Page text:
By Manpreet Kaur
Originally published in the February 2016 issue.
As night fell, eating away the warmth of the day, the restaurant opened at 5 p.m. on Saturday evening. My first dining experience at Seattle’s Marrakesh Moroccan restaurant took me back in time to Dubai where I had the pleasure of dining in at the exotic Sultan chambers in the desert. However, I was surprised to learn that Morocco is in fact an African country. Its food is a fusion of Mediterranean, Arabic, and the indigenous Berber cultures. With its richly textured Moroccan rugs, intricate lamps, carved, low wooden tables, ornate silver urns, embroidered tapestries, exotic spices wafting through the kitchen, and the rhythm of Gnaouas music filling the air, all my senses were enchanted upon entering. It felt like the inside of the genie’s bottle.
“Water?” asked the waiter, dressed in a traditional, maroon colored embroidered draping, while I was gazing at the ambience. The place was filled with people, many of them spending a typical weekend catching up with friends and family, and few others like me exploring new places and food. It projected a close sense of home dining. In my home country, in many regions, people eat seated on the floor with their hands
rather than with silverware. Moroccan food is also eaten with the hands. The waiter came up with a decorative, silver bowl filled with rose water. He demonstrated the traditional hand washing ceremony, and I, likewise, did the same. I was completely intrigued by the processes of the
ceremony, and the rich heritage of Morocco which it reflects.
Anna Bronus stated in her article, “Moroccan Food: It Is About More Than Just Tangine” that “Traditional Moroccan cuisine is peppered with
elements from the Berbers (tangines and couscous), The Arabs (spices), and the Moors (olives), and of course with a history of French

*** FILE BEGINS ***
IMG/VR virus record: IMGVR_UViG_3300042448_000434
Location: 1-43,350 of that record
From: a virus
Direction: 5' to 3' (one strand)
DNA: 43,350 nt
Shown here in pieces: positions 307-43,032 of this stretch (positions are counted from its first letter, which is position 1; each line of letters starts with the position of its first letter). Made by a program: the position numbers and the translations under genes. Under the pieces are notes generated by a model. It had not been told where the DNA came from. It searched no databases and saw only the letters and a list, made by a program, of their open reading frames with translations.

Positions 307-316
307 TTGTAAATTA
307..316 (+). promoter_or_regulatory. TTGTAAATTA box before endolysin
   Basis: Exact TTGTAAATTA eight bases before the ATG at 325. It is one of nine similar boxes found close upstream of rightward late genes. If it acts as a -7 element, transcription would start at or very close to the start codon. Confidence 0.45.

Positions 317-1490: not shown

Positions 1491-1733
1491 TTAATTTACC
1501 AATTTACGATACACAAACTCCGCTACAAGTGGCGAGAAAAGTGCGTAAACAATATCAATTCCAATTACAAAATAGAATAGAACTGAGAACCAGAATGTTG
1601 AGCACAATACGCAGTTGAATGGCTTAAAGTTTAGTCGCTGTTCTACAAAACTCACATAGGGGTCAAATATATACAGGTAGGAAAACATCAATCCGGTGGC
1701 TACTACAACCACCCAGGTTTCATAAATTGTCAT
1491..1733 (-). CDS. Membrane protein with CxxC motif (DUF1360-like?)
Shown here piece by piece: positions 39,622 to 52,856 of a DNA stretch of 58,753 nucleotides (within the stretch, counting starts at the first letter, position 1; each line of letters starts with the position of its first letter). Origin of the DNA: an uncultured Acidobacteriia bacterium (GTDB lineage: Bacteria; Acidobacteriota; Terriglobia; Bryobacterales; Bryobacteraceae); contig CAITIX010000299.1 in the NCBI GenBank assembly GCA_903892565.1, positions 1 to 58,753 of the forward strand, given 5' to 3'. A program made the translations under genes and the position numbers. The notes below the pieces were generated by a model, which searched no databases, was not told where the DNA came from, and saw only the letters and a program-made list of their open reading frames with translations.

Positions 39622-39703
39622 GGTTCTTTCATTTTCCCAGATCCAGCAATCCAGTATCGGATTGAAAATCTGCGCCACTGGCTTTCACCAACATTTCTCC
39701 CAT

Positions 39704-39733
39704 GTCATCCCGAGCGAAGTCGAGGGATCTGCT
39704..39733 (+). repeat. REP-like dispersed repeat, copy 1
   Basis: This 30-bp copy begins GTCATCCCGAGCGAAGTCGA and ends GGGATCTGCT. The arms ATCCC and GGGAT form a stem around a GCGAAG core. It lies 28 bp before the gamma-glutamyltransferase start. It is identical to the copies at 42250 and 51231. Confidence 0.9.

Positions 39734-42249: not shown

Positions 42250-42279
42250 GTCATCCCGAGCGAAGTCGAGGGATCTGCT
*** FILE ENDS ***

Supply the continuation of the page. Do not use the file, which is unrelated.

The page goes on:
Colonization, there’s a dash of pastries and cafes.”
To start, the chef served a Fassi pie, made with chicken cooked in spices topped with a sweet layer of toasted almonds and cinnamon, all wrapped in a warka pastry with a traditional salad dish as a starter to warm up the stomach. The Fassi pie was ultimately mouthwatering, and its cinnamon seasoning made me want it even more.
I wanted to have an authentic Moroccan experience, hence I went with the chef’s recommendation, the chicken brochette- a grilled marinated boneless chicken seasoned with paprika, and served with Basmati rice. The dish had a pleasant smell, and the chicken was spicy and flavorsome, similar to the cooked chicken in the Middle East. It was rich in spices, and it caught my taste buds off-guard. Families in Morocco bake their own dough. There is a famous saying that in Morocco, every neighborhood has five things: a mosque, a school, a hammam, a fountain, and a
communal wood-fire oven. As of such, the bread was plentiful; two full baskets on each table. The focal point of the evening was a belly dancing performance. It was an entertaining and a lively addition to the night. It also encouraged diner’s participation, which definitely added charm to the evening.
Finally, the entrée was wrapped up with a beer-colored Moroccan Mint Tea as a sign of hospitality, which the waiter jokingly referred to as a whiskey. The waiter poured it from a metal teapot into the glass from a great height, and the resulting bubbles made it look even more appealing. A chilled milk pudding was served at the end too, totally toothsome. Having served with plethora of multi-cultural food, I can restate that
Morocco is home to one of the world’s greatest and most diverse cuisines, with a variety of culinary influences, making the most of seasonal
ingredients. The entire Moroccan food experience was mesmerizing. I was so overwhelmed with my encounter with Moroccan food that it
inspired an interest at study abroad in Morocco, and learn about their culture and history. With a big thumbs up, I would recommend everyone to try Moroccan food. Your true Moroccan experience awaits.